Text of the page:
After we got back to the hotel, we walked around Stuttgart a bit, got some coffee, then went back to the hotel to collect our bags and it was off to the train station. We took the train back to Munich where we would spend the last night before leaving.May 27 - Flight home
Took the S8 from Munich to the airport, checked in, got some breakfast, and eventually left Germany on our United flight home. A week-long trip that seemed a lot longer.
I put together a photo album of some of the good pictures we took during the trip: Enjoy!
The WaitJune 1
If there is one negative about the European Delivery Program it's that you have to drop your new car off and then ... wait. Weeks. You fly home and your car slowly makes its way through trains, boats, and trucks to eventually meet up with you again. I didn't think it would be this bad, but my impatience was at an eleven. It'd be different if you just ordered the car without Euro delivery and just had to wait two months to get it. But now, I've experienced the car.
Checking in with the dealer wasn't helping much either. It seemed like my car was stuck in "Transport to Emden" forever. Emden is the port in Germany from which it would be shipped - and usually the train to Emden would take a day. Porcessing in port can take a week, then the boat from Emden to Davisville would generally take two weeks, so it was weird that I was coming up on three weeks and my last status was still on its way to Emden. I spent my time checking marinetraffic.com to see which cargo ships were coming and going from Emden, thinking my car has to be on one of those.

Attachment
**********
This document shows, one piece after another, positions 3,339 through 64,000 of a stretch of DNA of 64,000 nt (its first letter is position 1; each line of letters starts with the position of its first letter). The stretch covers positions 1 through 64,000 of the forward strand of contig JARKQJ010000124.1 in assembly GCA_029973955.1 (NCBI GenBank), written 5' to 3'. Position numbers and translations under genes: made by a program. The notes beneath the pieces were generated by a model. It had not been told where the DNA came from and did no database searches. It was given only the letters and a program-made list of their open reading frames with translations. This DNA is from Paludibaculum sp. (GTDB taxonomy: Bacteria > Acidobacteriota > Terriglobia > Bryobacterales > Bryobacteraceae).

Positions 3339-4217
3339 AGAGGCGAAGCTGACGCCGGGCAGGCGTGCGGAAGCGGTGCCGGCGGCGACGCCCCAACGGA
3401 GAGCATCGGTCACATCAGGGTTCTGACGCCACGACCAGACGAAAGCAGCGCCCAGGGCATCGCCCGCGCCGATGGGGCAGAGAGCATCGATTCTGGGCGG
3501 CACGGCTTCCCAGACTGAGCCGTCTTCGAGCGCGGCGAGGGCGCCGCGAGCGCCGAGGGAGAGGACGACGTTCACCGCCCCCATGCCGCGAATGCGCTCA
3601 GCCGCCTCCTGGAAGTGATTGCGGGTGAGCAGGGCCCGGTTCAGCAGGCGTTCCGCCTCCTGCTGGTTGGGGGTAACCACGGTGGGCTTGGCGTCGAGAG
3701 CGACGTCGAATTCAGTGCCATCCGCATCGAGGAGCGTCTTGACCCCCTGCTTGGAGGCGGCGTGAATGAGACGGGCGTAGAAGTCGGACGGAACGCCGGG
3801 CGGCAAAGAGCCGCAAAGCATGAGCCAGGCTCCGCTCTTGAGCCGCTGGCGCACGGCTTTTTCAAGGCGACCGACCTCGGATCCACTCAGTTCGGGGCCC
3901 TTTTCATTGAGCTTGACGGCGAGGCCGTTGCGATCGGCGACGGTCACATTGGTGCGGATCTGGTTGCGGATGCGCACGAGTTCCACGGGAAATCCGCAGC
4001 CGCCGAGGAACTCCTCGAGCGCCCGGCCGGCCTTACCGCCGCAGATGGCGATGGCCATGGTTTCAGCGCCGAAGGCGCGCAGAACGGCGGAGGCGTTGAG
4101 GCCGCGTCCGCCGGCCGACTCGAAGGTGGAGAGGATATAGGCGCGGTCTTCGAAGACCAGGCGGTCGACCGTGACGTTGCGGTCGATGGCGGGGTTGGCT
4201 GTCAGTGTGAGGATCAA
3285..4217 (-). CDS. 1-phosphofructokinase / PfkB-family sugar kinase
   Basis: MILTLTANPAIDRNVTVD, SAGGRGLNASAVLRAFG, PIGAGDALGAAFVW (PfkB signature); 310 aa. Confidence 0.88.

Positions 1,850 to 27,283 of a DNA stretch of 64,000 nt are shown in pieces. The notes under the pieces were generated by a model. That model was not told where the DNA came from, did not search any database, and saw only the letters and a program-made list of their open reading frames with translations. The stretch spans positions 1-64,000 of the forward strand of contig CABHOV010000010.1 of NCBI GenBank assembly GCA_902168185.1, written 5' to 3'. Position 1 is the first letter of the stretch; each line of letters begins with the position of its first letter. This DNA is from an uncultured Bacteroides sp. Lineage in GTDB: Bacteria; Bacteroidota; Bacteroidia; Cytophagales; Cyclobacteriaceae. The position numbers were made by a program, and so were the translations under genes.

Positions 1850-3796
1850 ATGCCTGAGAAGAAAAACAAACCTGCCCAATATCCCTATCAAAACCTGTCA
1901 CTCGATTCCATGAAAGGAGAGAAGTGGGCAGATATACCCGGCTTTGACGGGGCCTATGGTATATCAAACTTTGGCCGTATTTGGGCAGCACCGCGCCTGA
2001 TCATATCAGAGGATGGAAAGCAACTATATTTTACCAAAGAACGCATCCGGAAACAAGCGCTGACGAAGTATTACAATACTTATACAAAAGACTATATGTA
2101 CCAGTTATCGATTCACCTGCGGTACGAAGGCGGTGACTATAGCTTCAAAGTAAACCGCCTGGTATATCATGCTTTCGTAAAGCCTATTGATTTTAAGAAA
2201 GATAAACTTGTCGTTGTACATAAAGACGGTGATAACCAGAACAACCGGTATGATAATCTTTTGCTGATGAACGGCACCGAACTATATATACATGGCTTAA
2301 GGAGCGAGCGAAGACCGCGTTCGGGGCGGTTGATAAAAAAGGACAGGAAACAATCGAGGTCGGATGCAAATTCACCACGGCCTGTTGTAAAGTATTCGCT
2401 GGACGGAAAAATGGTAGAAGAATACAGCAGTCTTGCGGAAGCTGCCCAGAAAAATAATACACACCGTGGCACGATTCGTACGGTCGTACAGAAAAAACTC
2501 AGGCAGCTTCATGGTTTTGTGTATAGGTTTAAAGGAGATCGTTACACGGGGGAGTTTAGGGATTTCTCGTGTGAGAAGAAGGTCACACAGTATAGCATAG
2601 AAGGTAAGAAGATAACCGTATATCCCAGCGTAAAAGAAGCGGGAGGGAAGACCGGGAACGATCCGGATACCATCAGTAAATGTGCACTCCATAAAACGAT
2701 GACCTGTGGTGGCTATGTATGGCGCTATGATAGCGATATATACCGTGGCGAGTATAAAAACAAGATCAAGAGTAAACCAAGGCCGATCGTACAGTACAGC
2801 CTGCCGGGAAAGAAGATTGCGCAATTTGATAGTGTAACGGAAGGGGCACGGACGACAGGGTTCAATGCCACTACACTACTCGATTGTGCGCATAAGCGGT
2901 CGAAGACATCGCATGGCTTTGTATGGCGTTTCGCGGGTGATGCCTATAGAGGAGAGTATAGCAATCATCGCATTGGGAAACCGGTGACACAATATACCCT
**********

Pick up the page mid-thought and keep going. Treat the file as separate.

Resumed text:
I've been passing the time by making sure I have all the proper car care equipment. I've researched some new paint care products and purchased an array of new items; Griot's clay bar, P21 wax, OptiSeal, a new wash bucket, wash mitt, and plenty of microfiber cloths. It would be nice to get a water de-ionizer, but that piece of equipment is pretty pricey.
In the meantime I also took the European Delivery photo folder that I received with my car and one of the Stuttgart license plates to a local framer to create a large framed collection of the folder, the photo, the 911 rendering with the metal plate with details of my car, and the license plate. Should make a nice addition to the garage wall.June 17